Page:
HDGC-HRD Symposium: Socio-ecological Justice in Hazards Adaptation: Clean air, clean water & health

Type: Virtual Paper
Theme: HDGC & HRD Symposium: Socio-ecological Justice in Hazards Adaptation
Sponsor Groups: Hazards, Risks, and Disasters Specialty Group, Human Dimensions of Global Change Specialty Group
Poster #:
Day: 4/8/2021
Start / End Time: 11:10 AM / 12:25 PM (PST)
Room: Virtual 6
Organizers: Samuel Rufat, Nicole Hutton, Ronald Schumann, Alana Rader, An-Min Wu
Chairs: Ronald Schumann

Call for Submissions

To highlight ongoing, justice-centered research on these pressing issues, the Human Dimensions of Global Change (HDGC) and Hazards, Risks, and Disasters (HRD) Specialty Groups are co-hosting a symposium during the 2021 AAG Annual Meeting. Possible topics may include, but are not limited to:

- Frameworks and methods for exploring social or environmental justice
- Socio-ecological feedbacks in hazard vulnerability
- Resilient land use, urban growth, or resource management strategies
- Sustainable disaster recovery
- Climate gentrification and managed retreat
- Green infrastructure, green gentrification, and justice implications of nature-based strategies
- Socio-ecological impacts of urban forestry
- Traditional and scientific knowledge integration for decision-making
- Culture, values, and ethics in hazards and climate risk reduction
- Public participation and stakeholder engagement in hazards and global change research.
- Applied research on hazard mitigation and global environmental change policy and planning


Description

The confluence of disasters in 2020 underscores not only the urgency of human adaptation amid worsening hazards but also the necessity of integrating social and environmental justice into these plans. The impacts of human-induced climate change are becoming ever more noticeable, contributing to rising seas, sluggish tropical cyclones, more intense wildfires, and novel diseases. Human and ecological communities are at greater risk of harm. Consistent investments in unsustainable practices of economic development, urban growth, land use, natural resource use, and energy production are endangering entire ecosystems and magnifying inequalities in human systems. What is worse, in many cases, a combination of human action and inaction has exacerbated feedback loops between human and ecological systems that now perpetuate physical and social vulnerability.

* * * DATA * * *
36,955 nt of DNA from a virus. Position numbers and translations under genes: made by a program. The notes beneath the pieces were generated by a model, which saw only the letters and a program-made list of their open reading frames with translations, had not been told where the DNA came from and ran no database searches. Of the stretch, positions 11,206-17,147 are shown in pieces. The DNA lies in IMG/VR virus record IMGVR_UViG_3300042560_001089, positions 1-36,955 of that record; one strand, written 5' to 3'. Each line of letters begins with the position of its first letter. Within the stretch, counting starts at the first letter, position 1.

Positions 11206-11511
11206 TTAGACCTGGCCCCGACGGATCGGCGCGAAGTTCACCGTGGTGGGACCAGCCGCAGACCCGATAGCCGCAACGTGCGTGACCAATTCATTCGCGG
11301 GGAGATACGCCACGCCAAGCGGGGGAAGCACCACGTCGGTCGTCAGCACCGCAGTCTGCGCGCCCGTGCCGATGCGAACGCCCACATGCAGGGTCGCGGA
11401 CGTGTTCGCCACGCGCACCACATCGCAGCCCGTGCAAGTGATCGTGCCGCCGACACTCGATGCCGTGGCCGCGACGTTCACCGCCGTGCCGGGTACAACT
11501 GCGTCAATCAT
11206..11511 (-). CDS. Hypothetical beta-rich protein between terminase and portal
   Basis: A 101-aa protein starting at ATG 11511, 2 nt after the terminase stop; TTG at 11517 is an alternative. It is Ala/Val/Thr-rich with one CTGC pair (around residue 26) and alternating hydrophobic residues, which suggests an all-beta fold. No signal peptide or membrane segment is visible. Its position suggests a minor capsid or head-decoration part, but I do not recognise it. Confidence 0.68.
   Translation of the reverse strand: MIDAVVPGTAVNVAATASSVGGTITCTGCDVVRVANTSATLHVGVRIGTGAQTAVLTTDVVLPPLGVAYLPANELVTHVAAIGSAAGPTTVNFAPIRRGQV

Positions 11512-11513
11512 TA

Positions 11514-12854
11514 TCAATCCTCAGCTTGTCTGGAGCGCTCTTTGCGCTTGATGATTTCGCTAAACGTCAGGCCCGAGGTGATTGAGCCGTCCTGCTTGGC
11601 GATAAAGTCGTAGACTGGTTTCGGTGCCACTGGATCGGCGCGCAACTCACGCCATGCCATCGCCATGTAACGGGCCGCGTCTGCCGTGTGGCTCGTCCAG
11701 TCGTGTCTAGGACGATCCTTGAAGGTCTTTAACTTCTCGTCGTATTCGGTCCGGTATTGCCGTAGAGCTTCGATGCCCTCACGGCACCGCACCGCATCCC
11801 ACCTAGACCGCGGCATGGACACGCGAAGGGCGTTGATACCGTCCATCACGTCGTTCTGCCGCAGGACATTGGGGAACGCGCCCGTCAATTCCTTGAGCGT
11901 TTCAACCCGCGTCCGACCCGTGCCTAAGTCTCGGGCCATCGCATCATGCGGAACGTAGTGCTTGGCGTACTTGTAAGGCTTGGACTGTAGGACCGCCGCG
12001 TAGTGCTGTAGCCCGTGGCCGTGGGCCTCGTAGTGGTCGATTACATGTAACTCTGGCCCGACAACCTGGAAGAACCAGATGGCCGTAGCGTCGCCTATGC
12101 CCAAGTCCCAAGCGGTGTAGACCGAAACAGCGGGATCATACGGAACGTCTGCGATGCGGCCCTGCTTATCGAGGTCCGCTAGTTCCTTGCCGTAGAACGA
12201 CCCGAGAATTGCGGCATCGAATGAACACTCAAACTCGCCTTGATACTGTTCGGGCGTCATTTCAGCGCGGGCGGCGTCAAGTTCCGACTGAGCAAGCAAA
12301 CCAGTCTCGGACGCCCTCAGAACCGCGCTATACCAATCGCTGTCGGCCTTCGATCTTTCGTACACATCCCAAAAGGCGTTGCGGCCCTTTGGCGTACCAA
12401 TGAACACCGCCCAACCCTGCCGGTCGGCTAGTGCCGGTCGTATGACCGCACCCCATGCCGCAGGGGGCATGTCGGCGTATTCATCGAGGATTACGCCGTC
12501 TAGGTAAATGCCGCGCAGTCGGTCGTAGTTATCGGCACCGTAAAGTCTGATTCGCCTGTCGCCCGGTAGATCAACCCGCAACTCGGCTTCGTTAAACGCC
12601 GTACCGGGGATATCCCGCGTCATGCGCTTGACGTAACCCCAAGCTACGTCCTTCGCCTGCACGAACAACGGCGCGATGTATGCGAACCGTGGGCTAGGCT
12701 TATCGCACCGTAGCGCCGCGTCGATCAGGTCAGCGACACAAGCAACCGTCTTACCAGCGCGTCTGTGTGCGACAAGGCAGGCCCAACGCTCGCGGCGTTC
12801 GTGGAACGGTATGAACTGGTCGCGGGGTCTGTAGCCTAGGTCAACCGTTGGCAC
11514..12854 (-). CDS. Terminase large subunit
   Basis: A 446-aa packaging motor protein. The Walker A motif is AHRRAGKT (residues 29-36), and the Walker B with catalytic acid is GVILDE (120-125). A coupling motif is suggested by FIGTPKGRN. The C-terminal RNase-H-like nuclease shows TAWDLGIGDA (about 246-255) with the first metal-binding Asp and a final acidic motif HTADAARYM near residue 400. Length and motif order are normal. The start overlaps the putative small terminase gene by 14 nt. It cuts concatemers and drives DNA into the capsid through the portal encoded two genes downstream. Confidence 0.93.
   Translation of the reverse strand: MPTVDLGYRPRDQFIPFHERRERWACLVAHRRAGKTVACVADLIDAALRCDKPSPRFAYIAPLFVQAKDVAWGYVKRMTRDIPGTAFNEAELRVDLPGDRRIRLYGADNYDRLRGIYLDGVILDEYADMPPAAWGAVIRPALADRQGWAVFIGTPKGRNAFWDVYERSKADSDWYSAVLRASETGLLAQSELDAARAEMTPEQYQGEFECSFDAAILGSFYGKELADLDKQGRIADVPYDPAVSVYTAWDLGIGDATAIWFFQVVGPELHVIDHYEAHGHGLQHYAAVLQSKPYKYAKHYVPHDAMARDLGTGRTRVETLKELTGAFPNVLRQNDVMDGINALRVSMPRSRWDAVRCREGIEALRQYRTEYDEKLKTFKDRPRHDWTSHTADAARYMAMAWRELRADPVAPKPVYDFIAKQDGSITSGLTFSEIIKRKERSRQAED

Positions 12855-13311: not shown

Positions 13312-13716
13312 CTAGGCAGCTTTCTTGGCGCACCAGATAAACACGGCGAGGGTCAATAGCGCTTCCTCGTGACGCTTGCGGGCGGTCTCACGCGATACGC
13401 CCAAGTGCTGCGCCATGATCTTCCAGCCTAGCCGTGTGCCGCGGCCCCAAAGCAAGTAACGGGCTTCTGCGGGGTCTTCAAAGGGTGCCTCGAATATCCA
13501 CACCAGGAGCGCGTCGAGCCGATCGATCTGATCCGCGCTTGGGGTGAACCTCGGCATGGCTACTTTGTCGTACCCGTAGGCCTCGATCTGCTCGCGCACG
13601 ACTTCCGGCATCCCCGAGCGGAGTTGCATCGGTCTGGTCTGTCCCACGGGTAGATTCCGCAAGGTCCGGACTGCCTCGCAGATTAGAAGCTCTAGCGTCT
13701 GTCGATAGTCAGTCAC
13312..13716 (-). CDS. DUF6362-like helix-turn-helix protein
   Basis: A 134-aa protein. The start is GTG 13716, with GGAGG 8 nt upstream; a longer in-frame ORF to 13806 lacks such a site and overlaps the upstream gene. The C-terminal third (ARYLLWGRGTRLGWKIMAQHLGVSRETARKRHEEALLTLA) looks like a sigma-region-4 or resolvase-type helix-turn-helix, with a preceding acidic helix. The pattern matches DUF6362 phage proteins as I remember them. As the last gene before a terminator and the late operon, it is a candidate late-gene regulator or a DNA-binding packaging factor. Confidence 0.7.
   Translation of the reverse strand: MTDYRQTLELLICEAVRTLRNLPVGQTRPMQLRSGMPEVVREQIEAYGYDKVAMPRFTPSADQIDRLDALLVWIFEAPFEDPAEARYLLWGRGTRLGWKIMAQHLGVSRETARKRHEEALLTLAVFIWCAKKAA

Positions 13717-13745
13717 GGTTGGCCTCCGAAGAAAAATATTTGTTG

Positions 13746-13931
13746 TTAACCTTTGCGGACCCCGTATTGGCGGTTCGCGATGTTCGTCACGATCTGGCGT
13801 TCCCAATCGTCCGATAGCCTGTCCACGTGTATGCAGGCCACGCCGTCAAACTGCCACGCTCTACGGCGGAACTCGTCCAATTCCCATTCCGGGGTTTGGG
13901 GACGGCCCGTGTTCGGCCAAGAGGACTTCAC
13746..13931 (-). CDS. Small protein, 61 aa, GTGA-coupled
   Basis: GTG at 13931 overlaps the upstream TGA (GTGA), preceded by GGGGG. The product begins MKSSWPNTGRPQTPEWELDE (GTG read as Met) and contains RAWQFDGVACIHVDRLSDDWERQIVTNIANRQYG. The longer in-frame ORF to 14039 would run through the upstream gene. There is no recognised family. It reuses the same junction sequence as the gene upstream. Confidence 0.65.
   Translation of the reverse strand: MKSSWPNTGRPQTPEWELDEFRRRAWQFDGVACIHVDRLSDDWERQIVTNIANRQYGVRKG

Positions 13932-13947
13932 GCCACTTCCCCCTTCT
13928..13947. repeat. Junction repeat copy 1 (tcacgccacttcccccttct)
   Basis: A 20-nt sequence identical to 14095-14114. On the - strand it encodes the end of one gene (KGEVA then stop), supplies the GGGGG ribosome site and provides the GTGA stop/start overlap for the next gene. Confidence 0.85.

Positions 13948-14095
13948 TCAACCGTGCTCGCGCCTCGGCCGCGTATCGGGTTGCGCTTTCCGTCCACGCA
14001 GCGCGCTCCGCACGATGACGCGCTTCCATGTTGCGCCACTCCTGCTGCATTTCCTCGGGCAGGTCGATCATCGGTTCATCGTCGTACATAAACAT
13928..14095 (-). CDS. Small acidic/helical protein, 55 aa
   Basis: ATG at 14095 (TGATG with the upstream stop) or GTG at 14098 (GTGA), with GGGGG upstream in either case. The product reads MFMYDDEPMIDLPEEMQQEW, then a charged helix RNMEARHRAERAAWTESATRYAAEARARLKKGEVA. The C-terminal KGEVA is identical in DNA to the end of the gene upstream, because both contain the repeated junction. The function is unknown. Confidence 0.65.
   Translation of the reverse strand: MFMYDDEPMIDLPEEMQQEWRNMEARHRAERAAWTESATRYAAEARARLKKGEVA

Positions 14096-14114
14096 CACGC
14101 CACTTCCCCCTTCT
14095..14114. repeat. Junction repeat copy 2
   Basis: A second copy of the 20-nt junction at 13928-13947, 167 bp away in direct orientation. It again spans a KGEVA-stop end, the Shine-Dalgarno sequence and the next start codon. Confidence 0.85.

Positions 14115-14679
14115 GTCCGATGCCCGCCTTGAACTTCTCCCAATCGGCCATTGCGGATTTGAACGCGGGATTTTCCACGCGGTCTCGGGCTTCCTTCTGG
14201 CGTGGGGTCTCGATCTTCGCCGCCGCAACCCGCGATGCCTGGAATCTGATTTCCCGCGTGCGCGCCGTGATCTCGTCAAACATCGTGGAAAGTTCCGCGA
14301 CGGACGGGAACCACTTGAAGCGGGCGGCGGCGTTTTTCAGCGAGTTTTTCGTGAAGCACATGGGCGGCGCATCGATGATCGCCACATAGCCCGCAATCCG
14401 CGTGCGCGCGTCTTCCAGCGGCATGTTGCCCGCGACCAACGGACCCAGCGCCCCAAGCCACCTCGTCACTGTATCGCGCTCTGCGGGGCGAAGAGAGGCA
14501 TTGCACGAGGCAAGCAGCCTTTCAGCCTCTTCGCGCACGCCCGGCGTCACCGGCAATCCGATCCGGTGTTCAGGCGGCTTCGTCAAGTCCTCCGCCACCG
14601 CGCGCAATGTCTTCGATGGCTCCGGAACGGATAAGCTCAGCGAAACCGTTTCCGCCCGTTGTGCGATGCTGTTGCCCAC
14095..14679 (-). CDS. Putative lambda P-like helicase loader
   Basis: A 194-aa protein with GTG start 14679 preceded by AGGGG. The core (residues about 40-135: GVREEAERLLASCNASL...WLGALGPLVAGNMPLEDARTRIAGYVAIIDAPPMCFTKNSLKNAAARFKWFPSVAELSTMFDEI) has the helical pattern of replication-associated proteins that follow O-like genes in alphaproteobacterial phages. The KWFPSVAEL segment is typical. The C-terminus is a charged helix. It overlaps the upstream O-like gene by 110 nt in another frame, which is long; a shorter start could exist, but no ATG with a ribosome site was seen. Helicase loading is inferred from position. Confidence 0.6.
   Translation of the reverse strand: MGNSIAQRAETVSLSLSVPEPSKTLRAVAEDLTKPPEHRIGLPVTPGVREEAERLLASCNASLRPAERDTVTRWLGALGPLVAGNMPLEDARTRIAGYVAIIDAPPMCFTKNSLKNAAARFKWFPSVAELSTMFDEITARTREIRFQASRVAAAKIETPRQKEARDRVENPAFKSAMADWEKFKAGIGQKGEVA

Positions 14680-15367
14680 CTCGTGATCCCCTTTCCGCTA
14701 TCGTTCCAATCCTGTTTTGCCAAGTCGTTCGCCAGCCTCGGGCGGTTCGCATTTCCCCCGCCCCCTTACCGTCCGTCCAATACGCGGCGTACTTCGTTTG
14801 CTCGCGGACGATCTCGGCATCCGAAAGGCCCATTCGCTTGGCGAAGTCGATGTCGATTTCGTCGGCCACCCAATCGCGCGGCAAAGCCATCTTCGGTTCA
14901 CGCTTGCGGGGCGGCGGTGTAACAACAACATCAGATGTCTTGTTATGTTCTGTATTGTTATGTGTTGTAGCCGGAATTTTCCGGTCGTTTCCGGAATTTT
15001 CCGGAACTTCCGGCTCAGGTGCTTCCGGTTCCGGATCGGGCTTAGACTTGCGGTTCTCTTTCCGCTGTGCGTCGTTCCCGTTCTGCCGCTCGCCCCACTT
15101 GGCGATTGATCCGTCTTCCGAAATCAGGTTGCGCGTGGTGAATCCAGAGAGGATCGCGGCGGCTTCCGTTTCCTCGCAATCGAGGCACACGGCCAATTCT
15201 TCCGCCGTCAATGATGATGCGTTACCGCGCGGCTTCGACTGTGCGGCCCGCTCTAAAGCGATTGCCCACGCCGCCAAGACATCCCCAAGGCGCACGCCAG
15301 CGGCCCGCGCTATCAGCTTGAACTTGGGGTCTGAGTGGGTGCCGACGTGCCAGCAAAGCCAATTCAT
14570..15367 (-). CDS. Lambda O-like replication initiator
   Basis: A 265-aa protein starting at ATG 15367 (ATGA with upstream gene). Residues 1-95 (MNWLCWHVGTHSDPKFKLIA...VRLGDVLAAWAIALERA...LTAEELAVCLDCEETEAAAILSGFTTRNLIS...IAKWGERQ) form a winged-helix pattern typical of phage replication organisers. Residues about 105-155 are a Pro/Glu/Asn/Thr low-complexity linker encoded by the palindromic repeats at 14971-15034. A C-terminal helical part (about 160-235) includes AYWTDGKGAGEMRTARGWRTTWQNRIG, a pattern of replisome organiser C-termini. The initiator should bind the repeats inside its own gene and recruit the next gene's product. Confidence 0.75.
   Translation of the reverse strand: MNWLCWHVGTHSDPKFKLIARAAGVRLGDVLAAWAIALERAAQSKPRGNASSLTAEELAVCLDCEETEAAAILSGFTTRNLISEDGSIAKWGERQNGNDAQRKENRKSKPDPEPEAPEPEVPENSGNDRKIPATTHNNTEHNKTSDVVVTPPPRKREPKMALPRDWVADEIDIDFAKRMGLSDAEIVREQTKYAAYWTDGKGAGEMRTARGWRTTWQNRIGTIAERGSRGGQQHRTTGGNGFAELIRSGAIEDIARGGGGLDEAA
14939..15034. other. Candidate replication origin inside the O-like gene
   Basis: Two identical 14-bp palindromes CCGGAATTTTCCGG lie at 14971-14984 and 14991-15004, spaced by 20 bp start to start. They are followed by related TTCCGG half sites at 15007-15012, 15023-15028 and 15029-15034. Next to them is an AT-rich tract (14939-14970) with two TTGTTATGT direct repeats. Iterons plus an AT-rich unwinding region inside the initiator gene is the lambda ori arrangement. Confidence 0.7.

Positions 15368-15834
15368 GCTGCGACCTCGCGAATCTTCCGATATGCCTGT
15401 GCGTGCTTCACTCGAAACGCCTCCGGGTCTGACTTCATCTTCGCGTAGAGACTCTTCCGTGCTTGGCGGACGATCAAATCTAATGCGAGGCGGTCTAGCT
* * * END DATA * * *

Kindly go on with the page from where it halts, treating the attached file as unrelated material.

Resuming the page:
Geographic research on equitable socio-ecological adaptation is increasingly valuable in the face of more frequent and intense hazards. Whether at an individual, community, or institutional scale, human responses to global environmental change that prioritize justice and sustainability can foster innovation, creativity, and increased resilience to extreme events.


Agenda

Type Details Minutes Start Time
Presenter Elizabeth MacAfee*, Norwegian University of Life Sciences, Assembling drinking water quality and inequality: the case of Kaolack, Senegal 15 11:10 AM
Presenter Sophie Roussy*, University of Toronto Mississauga, Matthew Adams, University of Toronto Mississauga, Environmental justice in Ontario: an investigation of ambient benzene pollution and environmental inequality in the Greater Toronto and Hamilton Area 15 11:25 AM
Presenter Justin Stoler*, University of Miami, Sara Beth Keough, Saginaw Valley State University, Alexandra Brewis, Arizona State University, Joseph Kangmennang, University of North Carolina at Charlotte, Amber Pearson, Michigan State University, Asher Rosinger, Pennsylvania State University, Christine Stauber, Georgia State University, Edward GJ Stevenson, Durham University, Connecting the Dots between Climate Change, Household Water Insecurity, and Migration 15 11:40 AM

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